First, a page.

This includes doctor’s phone numbers, any necessary medical history, any necessary medications, a daily activity schedule (if that’s your jam), general tips on what helps your household function best.

4. Check your phone company’s long distance plan.
Especially if “international locale” is on the itinerary.

5. Plan some fun, quality time ASAP when you get back.
While you may want to immediately unpack that suitcase or share photos when you return, make sure that your little ones realize how much you missed them! 10-15 minutes of uninterrupted, focused attention can do wonders.

And voila! Treat yo self and enjoy that adult time, mama. You deserve it and you’ll be a better mama for it.

Share your tips for vacationing sans kiddos below or on Facebook at MothersRest.

About the guest blogger:
Jess is a lover of fresh air, coffee and wine (equally, not together), fitness, and trying to live a more natural, minimalist lifestyle with two little ones at home. You can check out her blog at Playdates & Prosecco.

the obligatory “ocean pic” from Jess’s fun vacay with hubby

Photo credit, featured image: Jenn Richardson from Unsplash.com

Getting lots of love on Facebook for this post. Here are my favorite tips that other mommas shared.

Definitely do a kid-free vacation! We always try to go somewhere that we know there will be not a lot or no kids! We try to do one trip for just the two of us every year (sometimes it’s only a two-day trip, others it’s a week!) and then 1-2 family vacations a year! It definitely strengthens our marriage and lets us get back in touch with each other without the kids.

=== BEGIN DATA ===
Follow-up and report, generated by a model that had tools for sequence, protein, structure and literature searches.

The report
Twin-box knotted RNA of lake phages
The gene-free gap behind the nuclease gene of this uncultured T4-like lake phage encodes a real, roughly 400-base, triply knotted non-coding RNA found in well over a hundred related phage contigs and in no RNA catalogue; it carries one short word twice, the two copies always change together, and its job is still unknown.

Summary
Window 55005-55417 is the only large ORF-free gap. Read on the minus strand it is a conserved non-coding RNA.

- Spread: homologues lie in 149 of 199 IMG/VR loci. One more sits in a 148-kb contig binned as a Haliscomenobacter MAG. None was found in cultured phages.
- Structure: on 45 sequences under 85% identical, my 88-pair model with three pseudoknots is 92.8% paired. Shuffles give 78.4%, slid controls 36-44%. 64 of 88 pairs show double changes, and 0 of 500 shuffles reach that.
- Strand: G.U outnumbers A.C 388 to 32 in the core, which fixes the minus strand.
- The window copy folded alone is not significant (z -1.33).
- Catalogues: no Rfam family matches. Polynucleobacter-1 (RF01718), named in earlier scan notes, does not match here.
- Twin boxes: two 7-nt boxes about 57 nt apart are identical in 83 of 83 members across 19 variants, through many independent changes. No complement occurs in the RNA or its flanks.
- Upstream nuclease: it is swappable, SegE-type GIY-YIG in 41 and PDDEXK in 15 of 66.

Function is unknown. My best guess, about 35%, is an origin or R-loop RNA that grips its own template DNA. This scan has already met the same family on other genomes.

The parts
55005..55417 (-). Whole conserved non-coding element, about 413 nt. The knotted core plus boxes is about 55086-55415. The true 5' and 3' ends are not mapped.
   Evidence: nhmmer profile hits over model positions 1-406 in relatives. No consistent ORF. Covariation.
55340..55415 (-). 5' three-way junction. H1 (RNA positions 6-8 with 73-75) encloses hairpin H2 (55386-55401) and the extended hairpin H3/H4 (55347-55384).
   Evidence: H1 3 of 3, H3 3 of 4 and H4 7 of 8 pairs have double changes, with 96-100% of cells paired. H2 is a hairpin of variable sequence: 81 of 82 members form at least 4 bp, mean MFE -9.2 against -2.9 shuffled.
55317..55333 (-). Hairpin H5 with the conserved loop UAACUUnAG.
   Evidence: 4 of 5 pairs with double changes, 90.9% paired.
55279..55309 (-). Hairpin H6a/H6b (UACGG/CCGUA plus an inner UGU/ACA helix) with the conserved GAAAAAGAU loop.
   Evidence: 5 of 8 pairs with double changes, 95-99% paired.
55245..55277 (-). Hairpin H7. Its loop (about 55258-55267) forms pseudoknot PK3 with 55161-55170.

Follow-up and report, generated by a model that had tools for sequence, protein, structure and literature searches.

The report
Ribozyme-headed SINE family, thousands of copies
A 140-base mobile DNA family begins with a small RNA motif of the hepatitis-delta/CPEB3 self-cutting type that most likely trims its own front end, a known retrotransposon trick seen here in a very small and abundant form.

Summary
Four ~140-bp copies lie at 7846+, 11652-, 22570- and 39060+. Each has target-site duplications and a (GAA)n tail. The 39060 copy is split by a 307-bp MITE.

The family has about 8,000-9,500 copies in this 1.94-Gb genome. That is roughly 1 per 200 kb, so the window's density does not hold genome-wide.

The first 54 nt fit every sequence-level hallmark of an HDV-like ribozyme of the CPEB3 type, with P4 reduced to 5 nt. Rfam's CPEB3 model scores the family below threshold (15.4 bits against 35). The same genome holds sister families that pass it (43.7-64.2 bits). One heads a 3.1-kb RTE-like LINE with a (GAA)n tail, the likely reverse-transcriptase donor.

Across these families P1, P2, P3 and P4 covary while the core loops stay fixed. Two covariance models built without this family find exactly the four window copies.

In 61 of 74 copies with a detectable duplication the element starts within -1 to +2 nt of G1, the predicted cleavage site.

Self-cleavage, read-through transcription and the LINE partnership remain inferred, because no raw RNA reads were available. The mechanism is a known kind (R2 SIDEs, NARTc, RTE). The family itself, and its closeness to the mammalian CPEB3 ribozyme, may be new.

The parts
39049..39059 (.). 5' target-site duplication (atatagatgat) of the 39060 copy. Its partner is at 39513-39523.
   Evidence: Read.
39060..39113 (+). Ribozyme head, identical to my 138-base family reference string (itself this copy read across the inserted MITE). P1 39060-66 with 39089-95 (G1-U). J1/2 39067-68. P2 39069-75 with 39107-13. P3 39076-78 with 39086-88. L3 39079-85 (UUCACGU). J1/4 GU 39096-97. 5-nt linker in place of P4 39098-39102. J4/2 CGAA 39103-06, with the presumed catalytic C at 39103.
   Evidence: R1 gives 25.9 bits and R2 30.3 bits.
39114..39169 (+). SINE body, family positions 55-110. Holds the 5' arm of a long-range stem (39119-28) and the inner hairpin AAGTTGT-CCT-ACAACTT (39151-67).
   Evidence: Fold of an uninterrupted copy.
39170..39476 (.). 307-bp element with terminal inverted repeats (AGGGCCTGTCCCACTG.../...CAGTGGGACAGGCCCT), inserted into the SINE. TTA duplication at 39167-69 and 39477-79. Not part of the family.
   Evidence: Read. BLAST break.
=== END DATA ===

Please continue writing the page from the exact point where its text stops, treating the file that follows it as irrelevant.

-Kim, momma for two girls and one little guy

Ummm, word to the wise: start small… We just got back from a week-long trip without 4.5yo dd and I was pretty miserable. I mean the trip was nice and all, but it was way too long away from her. Everyone said she did fine but I’m worried if it felt too long for me, it def must have for her!! I also got really fed up with dh b/c I think we are just so not accustomed to so much togetherness.
–Hope, middle school counselor and mom

Start small. Do a long weekend away within driving distance. That way you know you can always get back home easily if needed, to ease your mind. Long weekend at a nice hotel with spa, or do it surrounding some type of interest you and your husband have and enjoy together (hiking, camping, sports event, theater tickets, etc.)
–Jennifer, boy mom x 2

Try a Carnival Cruise! Camp Carnival is free, and awesome. That way you can travel and see new places together, but also get plenty of alone time too when needed! They give you a special phone to reach you if needed. They also do late nights and also have an in-cabin babysitting option too if it’s after bedtime. We took my son on his first cruise when he was 26 months and he loooooved it. He’s 3.5 now and still talks about it!
–Melissa, mom of two people babies and two fur babies

I personally vote for going on a cruise. I highly recommend a kid-free vacation. I did one in February and I have 2 boys. My oldest was 4 and my youngest was almost 2. I had never left them for more than 1 night (not counting the 2 nights he was without me while I had the youngest) and it was for a 7-day cruise where I couldn’t be reached some days and I called the days we were at port. I was a nervous wreck before the trip because my oldest is really attached to me and I was worried for him and that he wouldn’t be able to calm down and I wouldn’t be able to “come home.” I wasn’t worried for my youngest even though he weaned just a couple weeks before the trip.

I notarized a medical form and made a booklet of important information, just in case. I also left a few little surprises that my mom could give if the kids were missing us really bad or just something to brighten their day. I finally relaxed and fully enjoyed my trip after a phone call on our second day and I talked to my oldest and he was happy and didn’t once whine that he missed me but said that he loved me. He was having fun with his grandparents. We got back and my oldest ran up to us but my youngest just kept on playing. I hope to do it again! Sorry to write a novel.
–Sarah, boy mom of two